Your best friend definitely has an opinion. You need advice and she offers an answer, though it might not be the one you seek.

You may get sound counsel but at the wrong time, with sentiments directly opposing what you were thinking. And yet, you have to be grateful. As in the new book "¡Hola Papi!" by John Paul Brammer, the words come from the heart.

Growing up in the small Oklahoma town of Cache, John Paul Brammer knew nothing about being gay. He had little relationship experience, in fact, and he didn't learn about hookup apps until he was a junior in college.

Once he found those apps, though, he was "instantly hooked."

Much to his amusement, "some white guy" said "Hola Papi" in greeting on an app one day and Brammer, "a mixed-race Mexican American with noodle arms" never forgot it — because hey, wouldn't that be a great name for an advice column? He pitched it, landed a gig in conjunction with Grindr and it was a landslide hit with users, even though Brammer felt like an imposter sometimes. Was he really qualified to do this? He wondered, then he remembered what he'd want if he needed advice...

When asked what one can do to let go of past hurts, Brammer answers with a tale of his middle-school years, of bullying, inadequacies, and teen angst, and of coming out, growing up, and not letting someone be defined by the worst of the past.

He writes of puppy love with a girl when he was kinda sure he was attracted to boys, and how the experience wasn't a waste. He remembers co-workers at a nearby taco stand who taught him to speak Spanish, to belong, and that "Lo Siento" isn't always necessary. He tells readers about releasing the love he thought was "the one;" about the oh-so-awkward night a childhood bully approached him on a dating app; and how to let go of a dream, and a nightmare situation.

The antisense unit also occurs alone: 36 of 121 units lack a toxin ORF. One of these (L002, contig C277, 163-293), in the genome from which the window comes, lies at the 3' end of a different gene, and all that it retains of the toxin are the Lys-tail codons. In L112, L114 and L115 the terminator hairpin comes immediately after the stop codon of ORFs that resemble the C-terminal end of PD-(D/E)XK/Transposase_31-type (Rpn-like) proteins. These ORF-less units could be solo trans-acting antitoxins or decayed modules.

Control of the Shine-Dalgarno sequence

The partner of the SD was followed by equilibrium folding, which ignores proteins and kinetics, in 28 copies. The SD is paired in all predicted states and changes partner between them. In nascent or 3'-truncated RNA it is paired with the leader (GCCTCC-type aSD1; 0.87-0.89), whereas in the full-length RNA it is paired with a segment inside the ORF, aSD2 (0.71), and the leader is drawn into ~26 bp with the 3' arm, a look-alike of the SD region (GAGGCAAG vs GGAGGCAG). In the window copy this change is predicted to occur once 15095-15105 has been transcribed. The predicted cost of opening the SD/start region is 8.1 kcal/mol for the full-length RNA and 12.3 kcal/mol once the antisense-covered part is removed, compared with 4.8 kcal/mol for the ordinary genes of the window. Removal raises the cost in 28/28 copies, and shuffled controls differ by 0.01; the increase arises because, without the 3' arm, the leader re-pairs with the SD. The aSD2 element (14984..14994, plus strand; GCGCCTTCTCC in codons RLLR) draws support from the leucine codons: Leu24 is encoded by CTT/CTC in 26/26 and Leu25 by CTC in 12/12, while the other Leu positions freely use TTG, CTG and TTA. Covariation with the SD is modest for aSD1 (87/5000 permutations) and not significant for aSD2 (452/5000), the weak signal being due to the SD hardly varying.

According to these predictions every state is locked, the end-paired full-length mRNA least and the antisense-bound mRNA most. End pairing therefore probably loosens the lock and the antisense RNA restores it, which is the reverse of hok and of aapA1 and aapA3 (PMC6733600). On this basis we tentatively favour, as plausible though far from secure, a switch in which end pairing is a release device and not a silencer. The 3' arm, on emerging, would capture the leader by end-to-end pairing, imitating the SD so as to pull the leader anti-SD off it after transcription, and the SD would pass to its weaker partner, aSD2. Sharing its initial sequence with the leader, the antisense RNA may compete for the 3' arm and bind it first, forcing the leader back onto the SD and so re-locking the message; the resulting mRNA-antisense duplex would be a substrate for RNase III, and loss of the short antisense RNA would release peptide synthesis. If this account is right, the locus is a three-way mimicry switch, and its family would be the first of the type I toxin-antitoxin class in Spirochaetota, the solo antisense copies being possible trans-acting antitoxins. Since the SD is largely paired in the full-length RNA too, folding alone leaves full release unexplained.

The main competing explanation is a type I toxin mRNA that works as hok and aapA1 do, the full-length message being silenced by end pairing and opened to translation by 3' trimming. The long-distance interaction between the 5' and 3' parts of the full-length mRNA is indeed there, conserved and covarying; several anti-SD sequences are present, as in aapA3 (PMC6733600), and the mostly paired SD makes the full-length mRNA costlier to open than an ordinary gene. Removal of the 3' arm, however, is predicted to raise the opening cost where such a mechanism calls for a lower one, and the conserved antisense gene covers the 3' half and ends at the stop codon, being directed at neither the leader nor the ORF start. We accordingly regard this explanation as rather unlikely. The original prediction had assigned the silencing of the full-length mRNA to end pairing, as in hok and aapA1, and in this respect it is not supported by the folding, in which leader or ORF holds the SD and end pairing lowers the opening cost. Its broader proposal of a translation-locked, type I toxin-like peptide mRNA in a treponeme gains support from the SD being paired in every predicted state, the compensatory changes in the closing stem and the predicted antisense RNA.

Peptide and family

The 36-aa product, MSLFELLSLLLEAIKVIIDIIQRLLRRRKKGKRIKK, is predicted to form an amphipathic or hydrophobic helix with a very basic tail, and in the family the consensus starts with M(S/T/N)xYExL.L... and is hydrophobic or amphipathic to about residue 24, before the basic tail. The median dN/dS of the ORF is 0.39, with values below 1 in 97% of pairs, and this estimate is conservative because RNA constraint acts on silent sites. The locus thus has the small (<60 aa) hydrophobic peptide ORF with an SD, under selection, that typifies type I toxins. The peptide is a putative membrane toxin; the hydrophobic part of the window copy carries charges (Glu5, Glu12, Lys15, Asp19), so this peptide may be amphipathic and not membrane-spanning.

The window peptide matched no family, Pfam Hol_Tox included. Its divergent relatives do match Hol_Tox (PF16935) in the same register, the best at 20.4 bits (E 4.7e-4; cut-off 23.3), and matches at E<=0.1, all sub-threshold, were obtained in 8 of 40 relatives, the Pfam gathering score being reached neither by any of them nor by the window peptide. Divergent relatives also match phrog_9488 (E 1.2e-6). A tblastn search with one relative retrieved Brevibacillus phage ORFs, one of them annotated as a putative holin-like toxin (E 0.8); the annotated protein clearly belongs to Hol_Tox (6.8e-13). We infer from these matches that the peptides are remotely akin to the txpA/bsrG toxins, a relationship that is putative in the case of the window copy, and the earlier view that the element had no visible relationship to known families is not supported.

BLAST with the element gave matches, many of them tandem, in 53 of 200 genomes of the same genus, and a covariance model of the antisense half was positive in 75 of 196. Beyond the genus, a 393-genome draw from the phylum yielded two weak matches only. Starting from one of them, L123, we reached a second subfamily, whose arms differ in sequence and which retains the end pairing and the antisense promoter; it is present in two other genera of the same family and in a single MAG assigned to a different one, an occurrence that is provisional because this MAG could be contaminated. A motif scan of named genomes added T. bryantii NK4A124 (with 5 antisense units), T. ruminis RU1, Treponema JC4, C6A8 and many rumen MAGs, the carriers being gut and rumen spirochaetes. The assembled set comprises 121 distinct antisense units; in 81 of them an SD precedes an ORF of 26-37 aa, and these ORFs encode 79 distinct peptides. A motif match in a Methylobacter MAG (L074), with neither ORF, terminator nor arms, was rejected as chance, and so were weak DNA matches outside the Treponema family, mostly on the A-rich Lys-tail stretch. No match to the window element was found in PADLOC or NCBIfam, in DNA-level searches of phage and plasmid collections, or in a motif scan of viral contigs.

You know this: Dear Emmy and Dear Posey can always be relied upon to present some poor schlub with drama worse than yours. You know they'll offer snappy, sometimes snarky, maybe dismissive advice, but that might not be as applicable as what's in "¡Hola Papi!".

Agony Aunties don't normally insert themselves into their answers quite as author John Paul Brammer does; nope, he makes his advice into a memoir that resonates. Each mini-chapter here begins with a question, followed by what feels like a personal answer written specifically to the forlorn rather than to the world — in a story, really, but one that's relatable. It's fun to read but, more importantly, it wraps advice-seekers (and not just the writer!) in a comfortable tale that might make them laugh but definitely makes them feel not alone.

Another nice thing: this book is by a gay man, but the advice he offers is for anyone, of any age. If you can remember that there are some eyebrow-raisers snuggled amidst laughs and sighs, of "¡Hola Papi!", you'll have a high opinion.


"¡Hola Papi! How to Come Out in a Walmart Parking Lot and Other Life Lessons" by John Paul Brammer

c.2021, Simon & Schuster

$26 / $35 Canada 224 pages

BLOG COMMENTS POWERED BY DISQUS